An image 19 which is reconstructed from the measured data of a half revolution and the image 20 reconstructed from the measured data of the half resolution following thereupon are shown in FIG. 3 by way of example and in a highly schematic fashion. A vessel 31 in which contrast agent 22 flows in the direction of the arrow is to be seen in the figure solely for the purpose of illustration. The same object slice is detected in two consecutive half revolutions owing to the small pitch p selected in the case of an embodiment of the present method, and so it is possible by forming the differences between the image data of the two images to calculate and display a differential image 23 that shows only the change 24 between the instants of the two half revolutions.

When carrying out spiral scanning of a patient's head, for example, an embodiment of the method can be used to display arteriovenous malformations (AVM) of the cranial vessels both with high spatial resolution and with an adequate temporal resolution. The assessment thereby rendered possible of the degree of the arteriovenous shunt supplies important information for planning therapy. A low-pitch examination that is synchronized with the injection of contrast agent and is carried out in accordance with the present method permits a temporal resolution of the contrast agent influx from which this information can be obtained.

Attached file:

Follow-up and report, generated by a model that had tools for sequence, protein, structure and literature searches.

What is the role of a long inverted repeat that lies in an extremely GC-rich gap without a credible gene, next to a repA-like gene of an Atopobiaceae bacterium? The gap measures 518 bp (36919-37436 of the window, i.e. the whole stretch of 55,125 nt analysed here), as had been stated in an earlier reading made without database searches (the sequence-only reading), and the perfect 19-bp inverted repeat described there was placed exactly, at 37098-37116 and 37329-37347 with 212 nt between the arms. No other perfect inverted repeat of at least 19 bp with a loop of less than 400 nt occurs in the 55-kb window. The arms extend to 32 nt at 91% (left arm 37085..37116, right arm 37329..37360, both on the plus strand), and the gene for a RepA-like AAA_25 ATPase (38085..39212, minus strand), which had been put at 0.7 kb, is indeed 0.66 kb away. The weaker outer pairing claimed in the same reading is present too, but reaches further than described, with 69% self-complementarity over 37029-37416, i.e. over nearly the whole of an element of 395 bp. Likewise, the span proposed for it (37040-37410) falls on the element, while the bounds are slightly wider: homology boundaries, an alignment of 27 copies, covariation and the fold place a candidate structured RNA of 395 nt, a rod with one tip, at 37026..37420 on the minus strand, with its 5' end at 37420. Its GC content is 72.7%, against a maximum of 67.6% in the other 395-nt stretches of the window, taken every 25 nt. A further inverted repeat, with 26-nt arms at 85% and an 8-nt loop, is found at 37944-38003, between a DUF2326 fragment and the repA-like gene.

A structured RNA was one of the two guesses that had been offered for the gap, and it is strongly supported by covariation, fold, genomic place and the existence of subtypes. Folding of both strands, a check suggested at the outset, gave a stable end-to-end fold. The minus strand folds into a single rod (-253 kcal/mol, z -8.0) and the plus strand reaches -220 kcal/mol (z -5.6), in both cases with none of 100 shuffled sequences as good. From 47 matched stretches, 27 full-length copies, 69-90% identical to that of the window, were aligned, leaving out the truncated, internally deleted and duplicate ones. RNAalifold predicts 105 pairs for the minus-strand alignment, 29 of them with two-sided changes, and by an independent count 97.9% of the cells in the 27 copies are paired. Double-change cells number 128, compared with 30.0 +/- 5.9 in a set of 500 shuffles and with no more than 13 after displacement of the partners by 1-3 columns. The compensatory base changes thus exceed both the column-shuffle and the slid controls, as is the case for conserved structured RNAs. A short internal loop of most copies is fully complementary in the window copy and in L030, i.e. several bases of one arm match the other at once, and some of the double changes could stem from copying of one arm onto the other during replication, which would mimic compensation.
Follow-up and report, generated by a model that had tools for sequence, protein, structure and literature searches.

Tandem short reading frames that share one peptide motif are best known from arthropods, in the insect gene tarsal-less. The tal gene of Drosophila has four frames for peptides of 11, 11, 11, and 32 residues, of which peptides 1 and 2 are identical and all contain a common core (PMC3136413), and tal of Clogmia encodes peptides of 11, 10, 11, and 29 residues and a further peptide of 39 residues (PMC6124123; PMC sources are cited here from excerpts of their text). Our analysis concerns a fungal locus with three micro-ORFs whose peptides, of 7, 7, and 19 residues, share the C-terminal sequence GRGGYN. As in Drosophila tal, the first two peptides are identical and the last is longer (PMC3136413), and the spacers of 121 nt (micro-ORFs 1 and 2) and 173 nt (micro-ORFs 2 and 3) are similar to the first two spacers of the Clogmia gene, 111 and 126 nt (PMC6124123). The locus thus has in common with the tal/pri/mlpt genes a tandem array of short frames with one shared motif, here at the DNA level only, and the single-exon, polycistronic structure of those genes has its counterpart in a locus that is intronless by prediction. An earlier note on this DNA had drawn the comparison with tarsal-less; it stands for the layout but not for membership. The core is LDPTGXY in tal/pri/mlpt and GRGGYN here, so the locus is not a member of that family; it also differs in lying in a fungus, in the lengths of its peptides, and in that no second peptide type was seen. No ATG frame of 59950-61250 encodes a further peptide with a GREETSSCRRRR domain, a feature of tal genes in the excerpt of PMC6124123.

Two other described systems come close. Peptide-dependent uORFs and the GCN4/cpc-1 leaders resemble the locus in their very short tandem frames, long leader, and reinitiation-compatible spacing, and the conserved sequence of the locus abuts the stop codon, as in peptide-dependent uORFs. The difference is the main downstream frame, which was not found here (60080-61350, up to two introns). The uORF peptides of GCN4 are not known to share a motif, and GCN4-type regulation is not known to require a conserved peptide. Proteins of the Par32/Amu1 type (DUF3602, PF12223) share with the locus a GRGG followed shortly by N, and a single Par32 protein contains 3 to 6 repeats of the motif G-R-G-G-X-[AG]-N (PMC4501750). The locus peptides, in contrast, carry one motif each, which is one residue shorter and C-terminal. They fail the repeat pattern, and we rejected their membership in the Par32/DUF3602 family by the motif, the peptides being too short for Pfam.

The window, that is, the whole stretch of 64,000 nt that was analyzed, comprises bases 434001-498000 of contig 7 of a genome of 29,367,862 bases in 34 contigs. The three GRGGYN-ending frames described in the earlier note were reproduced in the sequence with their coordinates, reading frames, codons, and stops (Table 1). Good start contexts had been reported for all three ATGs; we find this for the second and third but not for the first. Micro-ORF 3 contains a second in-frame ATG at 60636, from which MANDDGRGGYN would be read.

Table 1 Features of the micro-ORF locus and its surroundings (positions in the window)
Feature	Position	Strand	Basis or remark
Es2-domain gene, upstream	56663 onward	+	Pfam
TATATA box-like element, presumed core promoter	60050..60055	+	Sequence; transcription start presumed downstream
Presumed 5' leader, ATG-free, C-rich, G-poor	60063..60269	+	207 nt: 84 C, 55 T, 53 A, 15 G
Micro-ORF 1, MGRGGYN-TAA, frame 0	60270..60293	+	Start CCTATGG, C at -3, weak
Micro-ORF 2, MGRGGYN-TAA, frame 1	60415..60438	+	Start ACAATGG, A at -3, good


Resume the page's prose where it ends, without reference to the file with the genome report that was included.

The above described embodiments of the method may further be embodied in a physical device for a multislice computer assisted tomograph, as would be understood by one of ordinary skill in the art, including via use of the disclosed and/or illustrated examples.

Example embodiments being thus described, it will be obvious that the same may be varied in many ways. Such variations are not to be regarded as a departure from the spirit and scope of the present invention, and all such modifications as would be obvious to one skilled in the art are intended to be included within the scope of the following claims.

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Classifications
U.S. Classification378/15, 378/4
International ClassificationA61B6/00
Cooperative ClassificationA61B6/027, A61B6/032, A61B5/1075, A61B6/4085, A61B6/461, G01N23/046
European ClassificationA61B6/03B, A61B6/40L6, A61B6/46B, G01N23/04D